ONE person has died in an early morning blaze in the Aberdeenshire village of Balmedie.
The sex of the person who was killed in the fire has still to be determined by Police and Fire service officers who are still investigating the cause of the outbreak.
A spokesman for Police Scotland said: “Police Service of Scotland can confirm that just before 6am today Scottish Fire and Rescue were called to a fire at Eigie House Cottages, Balmedie. They attended along with Police Scotland where the dwelling at number 4 was found to be well alight.”
He added: “Unfortunately due to this fire there is one fatality and enquiries are at an early stage.”
The blaze was at a sheltered housing complex for pensioners operated by Aberdeenshire Council.
An Aberdeenshire Council spokeswoman said: “Aberdeenshire Council is deeply saddened at the news this morning of a fatality at one of its sheltered housing complexes.
“We are aware that a fire broke out early this morning at Eigie House, Balmedie. Emergency services attended the scene.”
She added: “Residents are being comforted and assisted by staff. Aberdeenshire Council will assist emergency services in the investigation.”
A spokesman for the Scottish Fire and Rescue Service said that fire units had been called to the blaze at 5.50am this morning.
He continued: “Crews from Central and North Anderson Drive in Aberdeen responded and were at the scene within minutes. Firefighters used breathing apparatus and two hosereel jets to extinguish the fire. Tragically a person has died following the fire and a joint Police and Fire investigation will now take place to establish the cause.”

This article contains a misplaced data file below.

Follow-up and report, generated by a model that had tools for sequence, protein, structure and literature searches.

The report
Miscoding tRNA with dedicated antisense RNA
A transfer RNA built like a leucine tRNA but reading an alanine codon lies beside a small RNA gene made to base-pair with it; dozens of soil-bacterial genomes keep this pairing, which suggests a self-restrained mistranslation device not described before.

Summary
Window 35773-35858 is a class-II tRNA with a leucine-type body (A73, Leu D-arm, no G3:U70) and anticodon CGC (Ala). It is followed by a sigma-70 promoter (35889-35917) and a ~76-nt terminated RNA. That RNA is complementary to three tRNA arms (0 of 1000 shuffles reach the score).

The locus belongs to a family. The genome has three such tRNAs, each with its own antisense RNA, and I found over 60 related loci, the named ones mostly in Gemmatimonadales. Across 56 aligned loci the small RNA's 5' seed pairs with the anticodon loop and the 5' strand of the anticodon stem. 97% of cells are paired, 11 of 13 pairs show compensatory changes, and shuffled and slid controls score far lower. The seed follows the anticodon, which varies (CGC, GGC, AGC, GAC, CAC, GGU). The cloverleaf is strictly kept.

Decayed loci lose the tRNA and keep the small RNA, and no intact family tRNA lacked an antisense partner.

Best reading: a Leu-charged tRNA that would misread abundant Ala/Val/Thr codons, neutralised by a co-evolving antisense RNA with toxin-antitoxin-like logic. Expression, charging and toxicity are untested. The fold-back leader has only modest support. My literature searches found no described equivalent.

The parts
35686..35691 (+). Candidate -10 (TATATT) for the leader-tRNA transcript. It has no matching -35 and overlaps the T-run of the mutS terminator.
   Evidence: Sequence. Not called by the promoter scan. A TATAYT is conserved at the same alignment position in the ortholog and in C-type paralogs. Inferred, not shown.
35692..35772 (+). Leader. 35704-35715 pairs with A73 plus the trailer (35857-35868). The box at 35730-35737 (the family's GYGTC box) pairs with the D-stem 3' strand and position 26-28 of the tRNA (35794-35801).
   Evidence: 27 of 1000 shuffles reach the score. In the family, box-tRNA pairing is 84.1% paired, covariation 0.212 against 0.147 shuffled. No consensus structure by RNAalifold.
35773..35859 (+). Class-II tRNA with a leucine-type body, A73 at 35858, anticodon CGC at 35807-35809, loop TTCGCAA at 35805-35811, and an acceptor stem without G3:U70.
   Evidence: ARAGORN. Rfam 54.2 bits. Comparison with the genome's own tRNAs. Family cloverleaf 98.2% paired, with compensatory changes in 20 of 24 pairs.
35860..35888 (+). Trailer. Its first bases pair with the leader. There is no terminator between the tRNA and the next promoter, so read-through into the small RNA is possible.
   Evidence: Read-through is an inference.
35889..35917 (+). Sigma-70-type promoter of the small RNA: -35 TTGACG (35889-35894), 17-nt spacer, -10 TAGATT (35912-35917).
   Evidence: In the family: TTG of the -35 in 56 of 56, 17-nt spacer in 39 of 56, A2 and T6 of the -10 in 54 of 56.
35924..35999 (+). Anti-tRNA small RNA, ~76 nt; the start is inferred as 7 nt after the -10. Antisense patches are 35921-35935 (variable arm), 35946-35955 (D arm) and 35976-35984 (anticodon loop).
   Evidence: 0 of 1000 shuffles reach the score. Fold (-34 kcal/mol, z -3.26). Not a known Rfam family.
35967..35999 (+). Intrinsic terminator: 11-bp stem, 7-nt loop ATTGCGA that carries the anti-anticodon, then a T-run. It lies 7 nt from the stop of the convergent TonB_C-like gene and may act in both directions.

Local Senior Officer David Rout said: “With the close relationships that exist between Scottish Fire and Rescue Service locally in Aberdeenshire and our partner agencies in Aberdeenshire Council and Police Scotland, we shall be working together to establish the cause with our key aim to prevent fires occurring and protect those most vulnerable at risk within Aberdeenshire communities.”
Graeme Pearson, Scottish Labour’s justice spokesman, said: “Of course it’s important that the merger of the fire boards leads to relevant efficiency savings but there also has to be consideration of the wider economic impact. I’m concerned that these decisions have been rushed through and there hasn’t been any thought on what happens in the local communities where the call centres were.”
He added: “I would also like reassurance that the closure of these offices doesn’t lead to any dip in service. When people call 999 for the fire service they rightly expect that the help they require is dispatched as expediently as possible.”